London Marathon Tips – the final days: 

Hopefully, by the time you read this, the bulk of your preparations are done. With equipment checklists in place, maps and logistics sorted and your registration completed, you are ready to focus on the lead up to the race, and the run itself. Here are some more of my London Marathon Tips that will ensure that your weekend is as painless and enjoyable as possible.

The day before the Marathon:

How you prepare yourself the day before the marathon can have a significant impact on how you feel, and on how you run on the day. This day is all about staying as calm as possible and staying off your feet and resting as much as possible.

If you are able to lie down and rest, it is an excellent time to visualise your day and visualise your route ahead of time. This is a very worthwhile exercise as it is incredibly helpful to have mentally prepared situations ahead of time.

Try to keep your movement the day prior to the London Marathon to a minimum. Only make the journeys that are absolutely necessary. I strongly advise NOT running at all on this day. If you are feeling particularly nervous then a short, easy, 20 to 30 minute run may help settle the nerves. But keep in mind, that there are no training benefits to be had this close to the event.

One of my most important London Marathon Tips at this stage is not to be tempted to try anything new. The running gear you wear on the day should all have been worn before (especially the trainers), so don’t be tempted to purchase something new.

This goes for the food you eat too. Don’t experiment with new power bars of gels at this stage. Keep the food simple. Yes, about two thirds of your intake should be carbohydrate, but there is no need to eat a large portion. It is important to stay away from creamy sauces if you eat a pasta dish, avoid spicy foods – and go easy on the fruit and fibre. For obvious reasons you will need to keep your bowels steady on the big day!

Eat your largest meal in the late afternoon or very early evening on the day prior to the race. IT is important that you fully digest the food, and your stomach feels calm before you go to bed.

Most importantly of all, don’t fantasise about faster finishing times. Even as a novice runner you should have a reasonable idea of what your realistic finishing time might be. If anything add time to that figure, unrealistic expectations will only set you up for failure.

Last minute tips for the day of the London Marathon:

On the day of the run give yourself plenty of time for everything. Prior to the race you need to expend as little energy as is humanly possible. Aim to get to the start at least an hour before the race. Before you even set off lubricate any area in which chafing has been a problem. Trust me, chafing during a marathon can be a big distraction.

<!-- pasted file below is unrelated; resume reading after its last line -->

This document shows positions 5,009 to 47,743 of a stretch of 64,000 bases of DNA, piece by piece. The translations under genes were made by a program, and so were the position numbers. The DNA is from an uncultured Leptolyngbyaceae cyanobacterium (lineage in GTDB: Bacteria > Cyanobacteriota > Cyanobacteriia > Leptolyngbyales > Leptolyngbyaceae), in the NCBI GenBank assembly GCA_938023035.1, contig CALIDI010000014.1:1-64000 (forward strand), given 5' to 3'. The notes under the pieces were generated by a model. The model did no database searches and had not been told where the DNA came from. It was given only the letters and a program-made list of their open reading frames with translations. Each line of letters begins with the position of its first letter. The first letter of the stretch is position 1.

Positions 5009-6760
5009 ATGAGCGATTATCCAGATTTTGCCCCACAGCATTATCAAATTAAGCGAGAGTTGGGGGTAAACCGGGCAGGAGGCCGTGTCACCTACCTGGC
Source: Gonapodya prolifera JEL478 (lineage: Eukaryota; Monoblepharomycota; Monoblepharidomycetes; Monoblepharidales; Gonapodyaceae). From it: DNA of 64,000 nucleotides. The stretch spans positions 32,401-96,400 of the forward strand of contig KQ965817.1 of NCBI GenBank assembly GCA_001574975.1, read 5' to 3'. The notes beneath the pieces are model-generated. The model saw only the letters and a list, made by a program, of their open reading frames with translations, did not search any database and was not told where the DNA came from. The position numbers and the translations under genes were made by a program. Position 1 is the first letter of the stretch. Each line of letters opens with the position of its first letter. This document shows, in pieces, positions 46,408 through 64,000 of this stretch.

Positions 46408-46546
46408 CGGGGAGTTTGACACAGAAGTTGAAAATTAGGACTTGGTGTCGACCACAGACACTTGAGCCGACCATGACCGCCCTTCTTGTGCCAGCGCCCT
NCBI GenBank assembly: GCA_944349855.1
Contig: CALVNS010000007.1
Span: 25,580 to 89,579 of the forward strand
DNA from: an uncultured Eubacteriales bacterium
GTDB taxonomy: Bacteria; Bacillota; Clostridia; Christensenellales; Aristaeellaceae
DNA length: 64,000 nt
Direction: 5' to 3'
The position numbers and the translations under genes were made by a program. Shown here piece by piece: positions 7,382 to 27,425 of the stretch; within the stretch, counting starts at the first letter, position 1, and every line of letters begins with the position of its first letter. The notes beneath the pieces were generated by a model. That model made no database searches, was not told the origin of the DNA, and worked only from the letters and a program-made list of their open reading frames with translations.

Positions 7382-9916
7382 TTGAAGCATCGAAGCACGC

With the unpredictable London Marathon weather you need to find ways to ensure you are as warm and as dry as possible before the race. As you will be setting off early, layers of old t-shirts can keep you warm and are easy to dispose of later on. A black bag with a few small few holes in (allowing it to breathe), is the customary way to shield from the rain. On the off chance that it is a particularly warm day, find shelter at every opportunity.

Once you are in the starting area with a few minutes to go, put your hand on your stomach and take some deep breaths that cause your hand to rise and fall. This should help to calm the nerves and encourage the deep breathing that will help with your running.

As the run gets underway BE PATIENT. You are among a mass of people and you will be moving slowly for the first half mile to mile of the Marathon. Don’t be tempted to try and weave in and out of other runners, it is an unnecessary waste of energy. Be glad for the sedate start, it will act as a warm up and allow your body to start using fat as fuel, which is exactly what you need.

When you are a mile or two into the run you can start monitoring your posture. Two key pointers are to make sure your chin is up (look ahead and not at the ground) and to make sure your shoulders are relaxed (not hunched up near your ears). Periodically throughout the early part of the run repeat this posture check to make sure you are running with optimum efficiency.

As you get into the heart of the race you will start to feel good. Your body will feel primed and the crowd will be giving you a huge lift. Avoid any temptation to start increasing your pace at this stage. If you want to be brave, save it until the last 3 miles. Going too fast too soon is the absolute death knell in your first marathon.

A final word

But my biggest London Marathon Tip of all is soak up the atmosphere. At times during the run you will feel absolutely euphoric. Keep the faith and keep going no matter what.

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